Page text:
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I have an application that is running on a stand-alone panel PC in a kiosk (C#/WPF). It performs some typical logging operations to a text file. The PC has some limited amount of disk space to store these logs as they grow.

What I need to do is be able to specify the maximum size that a log file is allowed to be. If, when attempting to write to the log, the max size is exceeded, new data will be written to the end of the log and the oldest data will be purged from the beginning.

Getting the file size is no problem, but are there any typical file manipulation techniques to keep a file under a certain size?

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6 Answers 6

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One technique to handle this is to have two log files which are half the maximum size each. You simply rotate between the two as you reach the max size of each file. Rotating to a file causes it to be overwritten with a new file.

A logging framework such as log4net has this functionality built in.

5

Try using Log4Net

http://www.codeproject.com/KB/aspnet/log4net.aspx

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4

There's no easy way to strip the data from the beginning of file. So you have several options:

  1. Keep the log in several smaller log files and delete the oldest "chunks" if the total size of all log files exceeds your limit. This is similar to what you want to do, but on different level
  2. Rename the log file to "log.date" and start a new log. Similar to (1) but not an option if you have limited disk space.
  3. IF you have enough RAM and your log size is relatively small to fit in memory, you can do the following: map the whole file into memory using Memory-mapped file, then perform move operation by taking the data from the middle of the file and moving them to the beginning. Then truncate the file. This is the only way to easily strip the data from the beginning of the log file without creating a copy of it.
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  • Great summary of viable options.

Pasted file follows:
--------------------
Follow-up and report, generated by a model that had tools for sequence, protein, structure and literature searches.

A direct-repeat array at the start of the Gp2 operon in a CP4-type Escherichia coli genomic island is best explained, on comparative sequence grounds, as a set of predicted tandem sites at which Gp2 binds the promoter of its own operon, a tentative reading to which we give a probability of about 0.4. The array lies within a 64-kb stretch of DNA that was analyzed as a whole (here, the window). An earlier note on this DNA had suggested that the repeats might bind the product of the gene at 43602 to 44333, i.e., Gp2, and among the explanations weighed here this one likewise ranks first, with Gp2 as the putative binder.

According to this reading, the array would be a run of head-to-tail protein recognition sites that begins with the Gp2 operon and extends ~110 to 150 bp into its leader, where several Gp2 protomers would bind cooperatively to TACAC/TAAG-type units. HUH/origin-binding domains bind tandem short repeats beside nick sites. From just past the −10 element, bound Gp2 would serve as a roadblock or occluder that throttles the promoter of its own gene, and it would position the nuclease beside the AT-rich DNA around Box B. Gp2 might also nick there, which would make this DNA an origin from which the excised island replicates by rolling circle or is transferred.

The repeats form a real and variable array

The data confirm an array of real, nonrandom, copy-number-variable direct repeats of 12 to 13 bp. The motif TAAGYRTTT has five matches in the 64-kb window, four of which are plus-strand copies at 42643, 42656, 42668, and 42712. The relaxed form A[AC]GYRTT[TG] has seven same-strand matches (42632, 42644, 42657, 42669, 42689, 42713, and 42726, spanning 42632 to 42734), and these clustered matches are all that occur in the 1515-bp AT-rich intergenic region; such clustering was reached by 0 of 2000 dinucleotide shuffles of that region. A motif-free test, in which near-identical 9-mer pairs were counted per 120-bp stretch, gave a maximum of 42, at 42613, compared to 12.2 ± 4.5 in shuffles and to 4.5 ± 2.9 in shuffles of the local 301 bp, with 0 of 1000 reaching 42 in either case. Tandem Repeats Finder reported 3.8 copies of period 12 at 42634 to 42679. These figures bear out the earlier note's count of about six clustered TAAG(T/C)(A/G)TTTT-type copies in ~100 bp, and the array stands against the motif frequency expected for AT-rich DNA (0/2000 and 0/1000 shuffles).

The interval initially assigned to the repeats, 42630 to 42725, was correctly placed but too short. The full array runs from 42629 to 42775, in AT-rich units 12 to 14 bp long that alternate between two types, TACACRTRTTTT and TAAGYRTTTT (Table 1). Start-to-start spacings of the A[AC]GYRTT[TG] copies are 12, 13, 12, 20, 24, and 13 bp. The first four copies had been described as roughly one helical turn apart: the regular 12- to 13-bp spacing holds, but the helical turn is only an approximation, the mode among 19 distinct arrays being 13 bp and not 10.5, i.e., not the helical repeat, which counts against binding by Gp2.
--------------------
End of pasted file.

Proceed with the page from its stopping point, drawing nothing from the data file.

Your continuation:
– cc0
    Commented Dec 2, 2011 at 13:00
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Linux os: check out logrotate - http://www.cyberciti.biz/faq/how-do-i-rotate-log-files/

Windows os: try googling windows logrotate. for example: http://blog.arithm.com/2008/02/07/windows-log-file-rotation/

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I wanted a simple solution as well, but I didn't want to add another dependency so I made a simple method. This has everything you need other than the part of compressing the old file to a zip, which you can find here: Create zip file in memory from bytes (text with arbitrary encoding)

static int iMaxLogLength = 2000; // Probably should be bigger, say 200,000
static int KeepLines = 5; // minimum of how much of the old log to leave

public static void ManageLogs(string strFileName)
{
    try
    {
        FileInfo fi = new FileInfo(strFileName);
        if (fi.Length > iMaxLogLength) // if the log file length is already too long
        {
            int TotalLines = 0;
                var file = File.ReadAllLines(strFileName);
                var LineArray = file.ToList();
                var AmountToCull = (int)(LineArray.Count - KeepLines);
                var trimmed = LineArray.Skip(AmountToCull).ToList();
                File.WriteAllLines(strFileName, trimmed);
                string archiveName = strFileName + "-" + DateTime.Now.ToString("MM-dd-yyyy") + ".zip";
                File.WriteAllBytes(archiveName, Compression.Zip(string.Join("\n", file)));
        }

    }
    catch (Exception ex)
    {
        Console.WriteLine("Failed to write to logfile : " + ex.Message);